Moody’s Investors Service maintained Lebanon’s foreign and local currency government bond ratings at “B1” with a “stable” outlook. It also kept the senior unsecured foreign currency ratings at “B1” and the short-term foreign currency ratings at “NP.” It said that these sub-investment grade ratings reflect Lebanon’s significant political and economic challenges that include wide fiscal and current deficits and the second highest government debt-to-revenues ratio among rated sovereigns, as reported by Lebanon This Week, the economic publication of the Byblos Bank Group.
It pointed out that structural challenges continue to limit the economy’s longer term potential and that economic growth remains vulnerable to potential domestic and external political shocks. The agency indicated that Lebanon’s ratings are supported by the Central Bank’s high level of foreign exchange reserves and gold, which strengthen the confidence in the exchange rate peg and in the financial system despite the weak public finances. It added that Lebanese commercial banks, the government’s primary creditors, remain willing and able to purchase and roll over government debt given their significant resources. It noted that bank depositors, including Lebanese expatriates, have shown a significant resilience to political shocks over the years.
It also pointed out that the government has historically had a strong willingness to service its debt and has never defaulted despite numerous political and economic crises. It noted that the government has a track record of mobilizing donor support such as $7.5 billion pledged by external donors in grants and soft loans at the Paris III donors’ conference in January 2007, of which $1.6 billion was received for direct budgetary support. It indicated that Lebanon’s balance of payments is structurally weak but that it is reinforced by inward remittances from the large number of Lebanese workers abroad.
Moody’s indicated that it would downgrade Lebanon’s ratings in the case of a substantial and sustained withdrawal of bank deposits from the country, which would threaten the banks’ willingness and ability to finance the government. It added that a material change in the government’s willingness to service its debt would also put downward pressure on the ratings.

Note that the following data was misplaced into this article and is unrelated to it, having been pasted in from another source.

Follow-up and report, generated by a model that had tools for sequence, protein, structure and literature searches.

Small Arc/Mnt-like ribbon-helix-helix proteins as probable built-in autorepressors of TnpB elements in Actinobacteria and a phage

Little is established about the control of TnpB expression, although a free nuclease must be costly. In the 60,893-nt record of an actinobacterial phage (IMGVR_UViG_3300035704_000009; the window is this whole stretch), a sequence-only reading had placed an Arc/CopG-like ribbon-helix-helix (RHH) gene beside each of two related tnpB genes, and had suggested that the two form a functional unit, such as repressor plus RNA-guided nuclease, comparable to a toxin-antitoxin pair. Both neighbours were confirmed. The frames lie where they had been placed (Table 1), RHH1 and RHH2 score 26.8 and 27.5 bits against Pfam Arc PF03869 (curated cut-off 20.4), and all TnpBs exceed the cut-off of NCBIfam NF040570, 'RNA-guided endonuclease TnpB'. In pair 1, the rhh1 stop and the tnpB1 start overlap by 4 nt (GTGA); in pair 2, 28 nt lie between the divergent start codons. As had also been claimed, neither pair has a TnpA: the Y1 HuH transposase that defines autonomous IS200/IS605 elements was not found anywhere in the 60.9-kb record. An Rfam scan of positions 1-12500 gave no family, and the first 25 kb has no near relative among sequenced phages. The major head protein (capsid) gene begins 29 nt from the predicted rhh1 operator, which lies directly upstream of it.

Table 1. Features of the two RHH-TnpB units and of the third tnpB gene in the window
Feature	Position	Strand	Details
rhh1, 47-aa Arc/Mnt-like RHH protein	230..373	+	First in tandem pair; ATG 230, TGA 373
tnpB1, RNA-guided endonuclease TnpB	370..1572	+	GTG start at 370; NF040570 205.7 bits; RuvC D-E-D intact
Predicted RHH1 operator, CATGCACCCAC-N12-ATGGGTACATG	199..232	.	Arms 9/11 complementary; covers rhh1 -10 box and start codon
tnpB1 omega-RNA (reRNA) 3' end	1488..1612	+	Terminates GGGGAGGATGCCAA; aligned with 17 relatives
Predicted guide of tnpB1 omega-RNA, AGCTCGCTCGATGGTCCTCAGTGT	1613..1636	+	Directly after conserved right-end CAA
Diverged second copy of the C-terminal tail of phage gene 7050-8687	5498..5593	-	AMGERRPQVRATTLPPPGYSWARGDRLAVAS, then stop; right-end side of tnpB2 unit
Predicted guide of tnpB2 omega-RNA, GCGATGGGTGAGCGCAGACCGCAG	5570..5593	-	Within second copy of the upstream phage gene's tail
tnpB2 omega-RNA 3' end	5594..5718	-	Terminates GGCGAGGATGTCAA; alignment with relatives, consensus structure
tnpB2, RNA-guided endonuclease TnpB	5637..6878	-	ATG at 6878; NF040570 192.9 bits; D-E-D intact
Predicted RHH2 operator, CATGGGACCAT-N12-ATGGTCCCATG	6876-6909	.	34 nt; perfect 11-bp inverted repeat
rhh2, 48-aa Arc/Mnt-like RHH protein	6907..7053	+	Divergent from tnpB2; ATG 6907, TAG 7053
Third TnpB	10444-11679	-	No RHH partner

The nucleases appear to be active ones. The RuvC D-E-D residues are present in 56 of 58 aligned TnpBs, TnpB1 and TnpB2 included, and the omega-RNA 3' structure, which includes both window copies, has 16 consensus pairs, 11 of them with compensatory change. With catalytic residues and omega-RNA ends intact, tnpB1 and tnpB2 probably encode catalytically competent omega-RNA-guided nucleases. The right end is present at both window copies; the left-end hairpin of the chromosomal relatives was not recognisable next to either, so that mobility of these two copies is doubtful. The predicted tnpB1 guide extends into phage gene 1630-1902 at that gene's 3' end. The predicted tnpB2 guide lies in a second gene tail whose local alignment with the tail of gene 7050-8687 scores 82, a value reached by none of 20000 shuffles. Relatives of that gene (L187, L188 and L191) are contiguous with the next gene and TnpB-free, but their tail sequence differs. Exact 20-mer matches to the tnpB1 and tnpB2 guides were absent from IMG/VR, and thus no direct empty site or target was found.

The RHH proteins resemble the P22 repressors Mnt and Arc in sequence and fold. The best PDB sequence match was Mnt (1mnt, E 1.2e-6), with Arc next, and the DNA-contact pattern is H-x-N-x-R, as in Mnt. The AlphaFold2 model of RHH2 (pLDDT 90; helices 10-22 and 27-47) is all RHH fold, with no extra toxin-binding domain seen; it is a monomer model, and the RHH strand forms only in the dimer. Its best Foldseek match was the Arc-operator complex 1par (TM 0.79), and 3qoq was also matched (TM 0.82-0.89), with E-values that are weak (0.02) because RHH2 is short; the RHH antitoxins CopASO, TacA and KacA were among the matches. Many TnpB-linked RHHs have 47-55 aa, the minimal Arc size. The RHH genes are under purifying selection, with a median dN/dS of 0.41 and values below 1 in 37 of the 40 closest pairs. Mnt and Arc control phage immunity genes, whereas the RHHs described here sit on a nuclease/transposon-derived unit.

The agency said that it could raise the ratings in case of a decline in political risks and if there is a significant improvement in government finances, which would reduce the government’s dependence on the local banking sector.
In parallel, Fitch Ratings indicated that the Lebanese economy is likely to improve in 2012 compared to 2011, but anticipated significant risks to growth prospects due to continued domestic political instability, the likely escalation of regional unrest, and the uncertain global environment. It said that the Lebanese economy and the health of the banking system are influenced by the political situation in Lebanon and to a certain extent by that in neighboring countries. It noted that the domestic economy has been stagnant in real terms last year, with the slowdown exacerbated by regional unrest, especially in Syria.
In parallel, the agency expected credit in the banking sector to grow this year but it noted that the growth level is hard to predict as the deterioration in the political situation would discourage domestic and foreign investment.
It added that political instability is unlikely to have a material impact on deposit inflows, which would maaintain the banking sector’s very comfortable liquidity level. Fitch noted that banks operating in Lebanon continue to be exposed to the Lebanese sovereign through their substantial holdings of Lebanese government debt. It pointed out that the ongoing expansion abroad by the larger Lebanese banks should allow for growth that is not dependent on the volatile domestic market. But it said that this expansion focuses largely on countries in the MENA region that are affected by the regional unrest.
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